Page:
If you’re unable to qualify for Social Security Disability and need further income support, one option you may have is Supplemental Security Income, or SSI. SSI is a federal program that is funded through tax revenue. It’s designed to help those living with disabilities receive financial support when they don’t qualify for Social Security Disability.
Supplemental Security Income covers people who have a limited income and who are elderly, blind and/or disabled. There are specific qualifications you have to meet to obtain SSI.
Which qualifications do you need to meet to seek SSI?
To apply for SSI, you should show that you:
- Are blind
- Have a disability
- Are 65 years of age or older
- Have limited resources
- Have a limited income
- Are living in the United States or a territory of the U.S.
- Are a U.S. citizen or national
- Fall into a specifically qualified category of non-citizens
- Won’t be out of the country for 30 days or longer
- Aren’t confined to an institution with your care being paid for by the government
- Apply for any payments or cash benefits you could be eligible for
- Give the Social Security Administration permission to request financial information about your accounts and history
How limited does your income have to be to qualify for SSI?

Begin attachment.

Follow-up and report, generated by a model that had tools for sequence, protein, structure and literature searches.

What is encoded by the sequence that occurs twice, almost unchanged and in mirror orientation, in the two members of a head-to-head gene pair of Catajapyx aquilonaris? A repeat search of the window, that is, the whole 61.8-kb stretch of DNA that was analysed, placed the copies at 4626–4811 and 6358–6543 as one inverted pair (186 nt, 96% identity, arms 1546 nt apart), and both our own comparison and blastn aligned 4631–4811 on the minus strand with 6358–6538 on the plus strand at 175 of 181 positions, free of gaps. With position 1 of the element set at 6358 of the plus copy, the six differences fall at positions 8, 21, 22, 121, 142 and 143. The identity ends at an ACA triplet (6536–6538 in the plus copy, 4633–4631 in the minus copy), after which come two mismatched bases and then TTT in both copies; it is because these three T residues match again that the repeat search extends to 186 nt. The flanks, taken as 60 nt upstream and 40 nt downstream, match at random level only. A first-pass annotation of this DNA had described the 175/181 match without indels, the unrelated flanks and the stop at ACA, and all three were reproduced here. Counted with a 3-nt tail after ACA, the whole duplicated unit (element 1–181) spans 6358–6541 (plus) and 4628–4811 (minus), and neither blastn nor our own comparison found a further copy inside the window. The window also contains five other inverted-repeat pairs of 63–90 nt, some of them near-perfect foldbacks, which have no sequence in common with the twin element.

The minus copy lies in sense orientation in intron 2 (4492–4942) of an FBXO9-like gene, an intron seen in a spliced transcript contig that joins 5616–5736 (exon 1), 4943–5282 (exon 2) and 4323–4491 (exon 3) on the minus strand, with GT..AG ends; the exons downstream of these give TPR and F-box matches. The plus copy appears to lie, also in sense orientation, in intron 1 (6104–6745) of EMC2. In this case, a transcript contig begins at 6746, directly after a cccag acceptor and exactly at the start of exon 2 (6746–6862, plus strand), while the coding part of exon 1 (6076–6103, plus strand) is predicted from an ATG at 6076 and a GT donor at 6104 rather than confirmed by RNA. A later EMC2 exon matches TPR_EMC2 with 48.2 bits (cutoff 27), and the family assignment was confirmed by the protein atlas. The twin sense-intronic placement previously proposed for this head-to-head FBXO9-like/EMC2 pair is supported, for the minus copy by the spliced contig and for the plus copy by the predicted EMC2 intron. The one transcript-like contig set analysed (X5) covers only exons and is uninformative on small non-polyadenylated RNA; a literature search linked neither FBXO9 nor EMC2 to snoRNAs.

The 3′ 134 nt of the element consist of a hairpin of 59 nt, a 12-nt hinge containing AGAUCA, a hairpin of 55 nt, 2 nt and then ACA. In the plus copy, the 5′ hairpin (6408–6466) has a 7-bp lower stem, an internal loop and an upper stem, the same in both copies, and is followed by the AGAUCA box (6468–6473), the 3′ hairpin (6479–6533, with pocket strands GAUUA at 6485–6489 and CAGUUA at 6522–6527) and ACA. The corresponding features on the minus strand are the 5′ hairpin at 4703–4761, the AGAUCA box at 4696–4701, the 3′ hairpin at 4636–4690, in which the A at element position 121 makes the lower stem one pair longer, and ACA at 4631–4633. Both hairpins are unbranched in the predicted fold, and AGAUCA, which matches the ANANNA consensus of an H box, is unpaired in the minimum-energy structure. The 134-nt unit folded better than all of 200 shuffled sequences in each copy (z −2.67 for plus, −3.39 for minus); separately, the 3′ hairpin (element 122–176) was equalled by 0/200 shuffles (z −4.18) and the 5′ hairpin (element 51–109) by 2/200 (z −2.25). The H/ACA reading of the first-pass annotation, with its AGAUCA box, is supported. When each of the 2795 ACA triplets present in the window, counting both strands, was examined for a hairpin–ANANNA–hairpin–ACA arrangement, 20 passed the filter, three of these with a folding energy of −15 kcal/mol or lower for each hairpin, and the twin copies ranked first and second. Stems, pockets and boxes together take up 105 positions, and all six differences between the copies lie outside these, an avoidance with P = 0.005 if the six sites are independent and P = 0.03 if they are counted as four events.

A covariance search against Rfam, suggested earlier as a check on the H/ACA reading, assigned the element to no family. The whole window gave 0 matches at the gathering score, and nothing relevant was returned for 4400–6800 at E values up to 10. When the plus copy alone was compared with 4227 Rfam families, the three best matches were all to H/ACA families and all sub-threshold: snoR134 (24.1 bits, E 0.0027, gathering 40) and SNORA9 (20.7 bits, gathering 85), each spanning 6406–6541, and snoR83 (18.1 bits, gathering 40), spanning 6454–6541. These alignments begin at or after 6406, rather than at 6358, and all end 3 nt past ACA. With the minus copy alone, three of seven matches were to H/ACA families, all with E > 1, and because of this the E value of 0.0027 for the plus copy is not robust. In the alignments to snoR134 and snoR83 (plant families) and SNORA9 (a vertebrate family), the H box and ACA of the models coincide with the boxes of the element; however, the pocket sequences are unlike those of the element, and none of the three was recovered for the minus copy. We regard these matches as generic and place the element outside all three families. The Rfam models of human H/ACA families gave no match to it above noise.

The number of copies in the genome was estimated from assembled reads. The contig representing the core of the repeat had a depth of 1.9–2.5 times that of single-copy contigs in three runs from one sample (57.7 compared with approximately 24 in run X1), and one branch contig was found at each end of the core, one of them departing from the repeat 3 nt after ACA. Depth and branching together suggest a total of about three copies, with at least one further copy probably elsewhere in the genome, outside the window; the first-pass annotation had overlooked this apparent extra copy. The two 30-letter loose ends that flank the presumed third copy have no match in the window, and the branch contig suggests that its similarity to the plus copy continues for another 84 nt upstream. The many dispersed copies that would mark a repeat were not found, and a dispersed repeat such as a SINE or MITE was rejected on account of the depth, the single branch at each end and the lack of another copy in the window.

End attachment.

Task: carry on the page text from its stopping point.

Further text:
To qualify for SSI, you need to show that you earn under $2,000 as an individual or under $3,000 as a couple. Not all resources are counted toward SSI, but it’s a good idea to speak with your attorney about your personal holdings, like cash or vehicles, before you apply. Some resources may reduce the amount of SSI that you would qualify for.
Can anyone who is over 65, blind or disabled qualify?
No. There are some people who will not be able to seek SSI, such as those in prison or jail, those with unsatisfied felony or arrest warrants, people who give away their resources to reduce them to below the SSI limit or those in public institutions. There is an exception for those living in homeless or publicly operated community residences.
Getting SSI can be complicated. Fortunately, there is help available, so you can learn more about your legal options.